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Tornado
By Tornado
03rd Oct 2016 16:30

There is an air of concern in this interview that IRIS have been poor with customer service and a hint of desperation that if things do not improve, IRIS could be in a difficult situation. I think this is fair assessment of the situation for IRIS and is to be expected seeing how fiercely competitive the Digital Software Market will become if MTD goes ahead as proposed (it will not).

Unless every entrepreneur, landlord and company takes the time to qualify as Accountants, Bookkeepers and Tax Advisors, the fact is that even if there is wagonloads of MTD compliant software on the market, there still needs to be considerable skill required to use it, so, as Kevin hints, I can see that the role of the Accountant/Bookkeeper will be enhanced in the MTD age.

Even those who currently Do Tax themselves are going to find it difficult to use specific apps, which are more complex than the incomplete records they currently use (probably on paper) to complete their Self Assessment Tax Returns. More of these people are going to either turn to Accountants or Software suppliers for support, and I am doubtful if the latter will have the resources, especially for the 'Free' apps.

What I am not too sure about is the need for added software.
In my experience, every programmer wants to add features to their software because they can, but my priority is for good, cost effective software that is well supported and just WORKS when you need it to.

So as Accountants and Bookkeepers are now moving into seriously influential positions, who are people going to turn to for advice on the right software to choose?

As I have commented elsewhere in AW, developers and vendors will need to turn their attention away from wooing the Government to seriously wooing Accountants. No more derisory discounts for recommending software, Oh No, seriously good commissions and incentives will be the norm and those that offer the best commissions will get the most sales.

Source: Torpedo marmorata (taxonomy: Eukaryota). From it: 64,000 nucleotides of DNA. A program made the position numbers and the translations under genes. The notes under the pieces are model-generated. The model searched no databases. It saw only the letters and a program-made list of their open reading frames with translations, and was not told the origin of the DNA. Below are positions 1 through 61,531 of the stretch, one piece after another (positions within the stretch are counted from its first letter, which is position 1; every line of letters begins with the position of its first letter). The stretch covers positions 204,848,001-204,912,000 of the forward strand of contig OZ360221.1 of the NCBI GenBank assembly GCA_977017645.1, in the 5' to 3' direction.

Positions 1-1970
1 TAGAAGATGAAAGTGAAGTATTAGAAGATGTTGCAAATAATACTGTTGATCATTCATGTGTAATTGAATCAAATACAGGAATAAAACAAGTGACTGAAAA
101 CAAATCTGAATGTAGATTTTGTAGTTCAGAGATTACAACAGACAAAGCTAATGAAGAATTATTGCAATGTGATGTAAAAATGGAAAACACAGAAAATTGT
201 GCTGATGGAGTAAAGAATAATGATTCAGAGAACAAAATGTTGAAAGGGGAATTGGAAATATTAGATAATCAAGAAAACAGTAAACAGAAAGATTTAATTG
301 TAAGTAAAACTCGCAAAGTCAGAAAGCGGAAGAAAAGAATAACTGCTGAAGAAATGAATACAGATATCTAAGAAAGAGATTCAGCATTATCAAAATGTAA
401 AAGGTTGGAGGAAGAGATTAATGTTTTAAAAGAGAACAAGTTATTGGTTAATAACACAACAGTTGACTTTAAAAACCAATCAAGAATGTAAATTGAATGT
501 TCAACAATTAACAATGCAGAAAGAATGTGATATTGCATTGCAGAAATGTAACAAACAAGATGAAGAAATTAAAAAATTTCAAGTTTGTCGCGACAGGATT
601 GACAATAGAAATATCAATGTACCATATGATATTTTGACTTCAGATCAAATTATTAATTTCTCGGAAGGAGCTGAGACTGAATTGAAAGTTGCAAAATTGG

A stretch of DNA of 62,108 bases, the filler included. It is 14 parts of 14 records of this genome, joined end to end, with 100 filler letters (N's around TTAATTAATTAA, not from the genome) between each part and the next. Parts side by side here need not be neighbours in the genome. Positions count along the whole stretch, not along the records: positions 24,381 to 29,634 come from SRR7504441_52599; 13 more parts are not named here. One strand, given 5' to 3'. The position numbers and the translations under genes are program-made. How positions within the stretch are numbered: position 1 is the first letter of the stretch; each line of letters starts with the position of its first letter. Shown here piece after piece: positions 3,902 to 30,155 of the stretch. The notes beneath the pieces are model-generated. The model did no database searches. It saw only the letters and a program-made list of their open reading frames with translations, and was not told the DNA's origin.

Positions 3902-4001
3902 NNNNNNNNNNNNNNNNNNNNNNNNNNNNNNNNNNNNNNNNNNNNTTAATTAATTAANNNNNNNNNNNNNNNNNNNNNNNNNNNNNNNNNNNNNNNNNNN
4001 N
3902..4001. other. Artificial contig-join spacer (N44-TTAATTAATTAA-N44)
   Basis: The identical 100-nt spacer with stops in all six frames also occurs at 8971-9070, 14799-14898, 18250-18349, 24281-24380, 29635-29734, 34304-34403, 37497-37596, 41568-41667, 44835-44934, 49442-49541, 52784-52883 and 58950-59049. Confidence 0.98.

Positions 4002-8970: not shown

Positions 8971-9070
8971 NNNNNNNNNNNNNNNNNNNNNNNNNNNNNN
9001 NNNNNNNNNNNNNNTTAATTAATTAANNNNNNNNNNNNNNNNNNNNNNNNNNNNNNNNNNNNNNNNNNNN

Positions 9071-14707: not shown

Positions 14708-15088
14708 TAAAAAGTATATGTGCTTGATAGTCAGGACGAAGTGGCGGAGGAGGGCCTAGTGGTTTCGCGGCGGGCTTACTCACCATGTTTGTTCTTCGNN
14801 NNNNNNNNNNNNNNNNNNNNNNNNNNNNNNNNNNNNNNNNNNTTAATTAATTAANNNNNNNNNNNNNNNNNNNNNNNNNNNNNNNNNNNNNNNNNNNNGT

This is not my own approach, however, as the client always comes first and will be recommended the best software for them, but where there is not much to choose between packages, the bigger commission would probably sway it for me.

Tell me I am wrong.

It is clear that MTD has been pushed by vested interests to the point where it is obvious to most, but if the Government insist on progressing with their MTD plans then it seems to me that we all just need to go with flow and make as much out of it as we can (as long as our clients get the best service they can from us of course)

Whilst I personally would like the whole MTD project to be shelved or drastically slowed down, and find the whole way that it has evolved quite distasteful and incompetent, resistance would be futile if MTD proceeds, so going with the flow and making the most of it seems to be the only logical alternative.

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Tom Herbert
By Tom Herbert
03rd Oct 2016 16:55

Thanks all, some insightful comments as always.

We're doing our best to provide coverage of MTD from a range of different angles and sources: accountants, business owners, HMRC and software vendors.

Most of the people I've spoken with and the polls I've seen have agreed with the direction of travel in terms of digital tax, just not the timetable or mandation aspect of the MTD programme. IRIS themselves even came out last week and called the pace of change 'aggressive'.